Who are the real aid heroes?

Who are the real aid heroes?


The humanitarian landscape has changed dramatically over the past decades. We are an interconnected world, with global trends, such as climate crises, demographic change, financial and energy sector pressures, or shifting geopolitical factors. These factors have increased people’s needs with fewer safety nets.

The United Nations and other non-governmental entities exist to fill gaps in services   left by governments, whether for lack of ability and resources, or all too tragically in some case by design. But there has also been an important shift in the number and nature of actors involved in humanitarian action, also increased risks to those providing these essential services. Local civil society organisations and local communities are on the front line of crisis response, delivering life-saving interventions despite the risks they can face. This includes diasporas- whether remotely, or in person. 

“Creating a table of our own amplifies the possibilities to transform our nations. Diasporas’ engagement not only inspire the fruits of development but embodies localization ideology.”

Dr. Magalie EmileBacker
Co-Founder and Board Member, Haiti Renewal Alliance (HRA)

You don’t need to be working with an NGO to be celebrated. There have been many acts of courage during the pandemic such as being on the frontlines of COVID-19 treatment, providing a safe space for girls and women during lockdowns, and providing food to vulnerable people. Thus, this year’s theme ‘It Takes a Village’ is apt. Indeed, it takes a village to support someone in a humanitarian crisis. 

The current international ‘aid architecture’ is over 70 years old, and dates back to the post-WWII era. UN agencies and INGOs have done some amazing work in this time to respond to natural and man-made crises, developing impressive logistical systems capable of mobilising, and scaling up, resources for emergency response. Yet in the 21st century there are ongoing shortfalls between the resources pledged by governments and others for humanitarian emergencies, what resources they actually deliver, and the increasing scale of humanitarian needs around the world. Moreover, UN agencies and INGOs often have to operate according to strict mandates and humanitarian principles that can limit their ability to act.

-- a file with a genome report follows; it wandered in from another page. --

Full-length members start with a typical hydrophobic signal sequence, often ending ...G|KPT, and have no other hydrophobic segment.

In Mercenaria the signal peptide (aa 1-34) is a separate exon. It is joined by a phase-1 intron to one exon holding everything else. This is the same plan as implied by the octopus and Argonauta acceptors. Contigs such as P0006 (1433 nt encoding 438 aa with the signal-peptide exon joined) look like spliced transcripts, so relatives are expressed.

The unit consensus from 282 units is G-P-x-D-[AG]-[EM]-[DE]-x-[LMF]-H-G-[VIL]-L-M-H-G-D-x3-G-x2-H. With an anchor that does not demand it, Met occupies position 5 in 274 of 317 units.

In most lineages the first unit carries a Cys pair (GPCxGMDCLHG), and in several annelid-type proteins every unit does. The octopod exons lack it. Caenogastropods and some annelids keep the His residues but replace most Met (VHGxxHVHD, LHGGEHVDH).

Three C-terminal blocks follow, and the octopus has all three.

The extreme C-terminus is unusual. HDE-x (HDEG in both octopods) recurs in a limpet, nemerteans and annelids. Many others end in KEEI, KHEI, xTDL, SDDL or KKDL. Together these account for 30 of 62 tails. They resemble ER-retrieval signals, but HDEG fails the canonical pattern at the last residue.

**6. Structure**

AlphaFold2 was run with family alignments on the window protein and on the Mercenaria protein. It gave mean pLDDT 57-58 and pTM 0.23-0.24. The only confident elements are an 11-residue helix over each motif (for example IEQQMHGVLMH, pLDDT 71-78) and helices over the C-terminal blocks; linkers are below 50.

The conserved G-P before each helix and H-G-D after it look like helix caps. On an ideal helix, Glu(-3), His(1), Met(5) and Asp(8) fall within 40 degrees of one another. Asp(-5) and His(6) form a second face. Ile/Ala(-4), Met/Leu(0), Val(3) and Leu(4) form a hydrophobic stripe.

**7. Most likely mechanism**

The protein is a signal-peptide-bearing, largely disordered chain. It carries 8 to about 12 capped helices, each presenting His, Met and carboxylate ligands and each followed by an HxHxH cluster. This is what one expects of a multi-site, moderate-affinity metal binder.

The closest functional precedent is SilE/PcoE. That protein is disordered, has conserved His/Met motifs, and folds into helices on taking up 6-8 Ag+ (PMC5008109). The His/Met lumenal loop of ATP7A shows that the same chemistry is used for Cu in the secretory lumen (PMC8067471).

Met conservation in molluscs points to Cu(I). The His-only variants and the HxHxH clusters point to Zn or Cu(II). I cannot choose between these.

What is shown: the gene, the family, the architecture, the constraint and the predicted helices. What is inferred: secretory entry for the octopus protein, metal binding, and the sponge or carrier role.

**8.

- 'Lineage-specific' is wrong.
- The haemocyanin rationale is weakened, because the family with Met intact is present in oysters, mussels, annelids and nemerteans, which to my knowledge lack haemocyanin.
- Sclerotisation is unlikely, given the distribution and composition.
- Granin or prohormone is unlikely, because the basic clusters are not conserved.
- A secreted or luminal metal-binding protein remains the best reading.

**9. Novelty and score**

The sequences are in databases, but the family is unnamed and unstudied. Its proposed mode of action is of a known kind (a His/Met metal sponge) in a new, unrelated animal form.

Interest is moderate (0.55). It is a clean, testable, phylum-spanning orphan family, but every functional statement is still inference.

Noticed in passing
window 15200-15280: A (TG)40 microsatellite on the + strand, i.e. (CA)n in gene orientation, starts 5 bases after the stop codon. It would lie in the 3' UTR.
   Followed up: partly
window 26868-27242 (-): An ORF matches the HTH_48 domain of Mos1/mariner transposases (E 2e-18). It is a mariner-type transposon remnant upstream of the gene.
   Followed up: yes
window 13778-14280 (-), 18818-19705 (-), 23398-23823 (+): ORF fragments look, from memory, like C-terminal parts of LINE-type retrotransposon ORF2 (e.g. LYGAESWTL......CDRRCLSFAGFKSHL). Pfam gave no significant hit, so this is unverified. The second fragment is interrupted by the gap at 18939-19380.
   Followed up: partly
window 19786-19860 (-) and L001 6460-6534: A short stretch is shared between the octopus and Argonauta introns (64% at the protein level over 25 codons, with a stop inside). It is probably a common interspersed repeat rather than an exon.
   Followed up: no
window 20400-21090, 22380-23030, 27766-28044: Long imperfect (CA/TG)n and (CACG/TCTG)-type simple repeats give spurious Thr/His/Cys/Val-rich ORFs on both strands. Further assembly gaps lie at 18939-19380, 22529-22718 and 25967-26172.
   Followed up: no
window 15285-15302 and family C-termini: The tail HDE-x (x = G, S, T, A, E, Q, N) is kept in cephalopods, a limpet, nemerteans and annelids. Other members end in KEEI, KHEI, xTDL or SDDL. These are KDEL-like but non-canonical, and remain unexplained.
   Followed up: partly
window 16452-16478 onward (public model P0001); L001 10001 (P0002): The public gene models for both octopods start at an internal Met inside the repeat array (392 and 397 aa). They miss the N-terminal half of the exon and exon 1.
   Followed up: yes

One result of this is that local civil society organisations, local communities, and the diaspora are already filling gaps in humanitarian systems. From Afghanistan to Ukraine, from Bangladesh to Syria, they deliver vital services and provide badly needed financial resources and relief supplies. Even from a distance, diaspora resource mobilisation, philanthropy, and knowledge exchange provide significant additional resources for humanitarian action – diaspora remittances alone are outstripping bilateral ODA and FDI in many countries and tend to increase in times of crisis. 

There is increasing recognition of this by international humanitarian partners, who at the 2016 World Humanitarian Summit agreed the ‘Grand Bargain’ to deliver greater ‘localisation’ of aid, shifting greater power and resources to local organisations in crisis-affected countries. The subsequent ‘Grand Bargain 2.0′ agreed in 2021 emphasises greater support for local and national responders as well as greater transparency.

Nevertheless, progress in achieving this has been limited, even moving backwards over recent years as the proportion of resources made available to local and national responders has shrunk from 2% to just over 1%. This risks creating parallel and unequal humanitarian systems that are in competition, rather than being complementary.

With ever greater humanitarian needs around the world, it will indeed take the whole village to meet these needs and build resilience against future crises, which are being exacerbated by climate change.

So on this year’s World Humanitarian Day, we would like to celebrate the efforts of all the everyday heroes, from UN agencies and INGOs to local communities and organisations, and the diaspora. Together, we can build a better world for all.


About World Humanitarian Day

In 2008, the United Nation General Assembly adopted a resolution designating 19 August as World Humanitarian Day. This was to commemorate the 22 humanitarian workers killed in a bomb attack on the Canal Hotel in Baghdad, Iraq, on 19th August 2003, including the UN Special Representative of the Secretary-General for Iraq, Sergio Vieira de Mello. 

Each year on 19th August, World Humanitarian Day advocates for the survival, well-being and dignity of people affected by crises, and for the safety and security of aid workers. 

For more details please visit: https://www.un.org/en/observances/humanitarian-day

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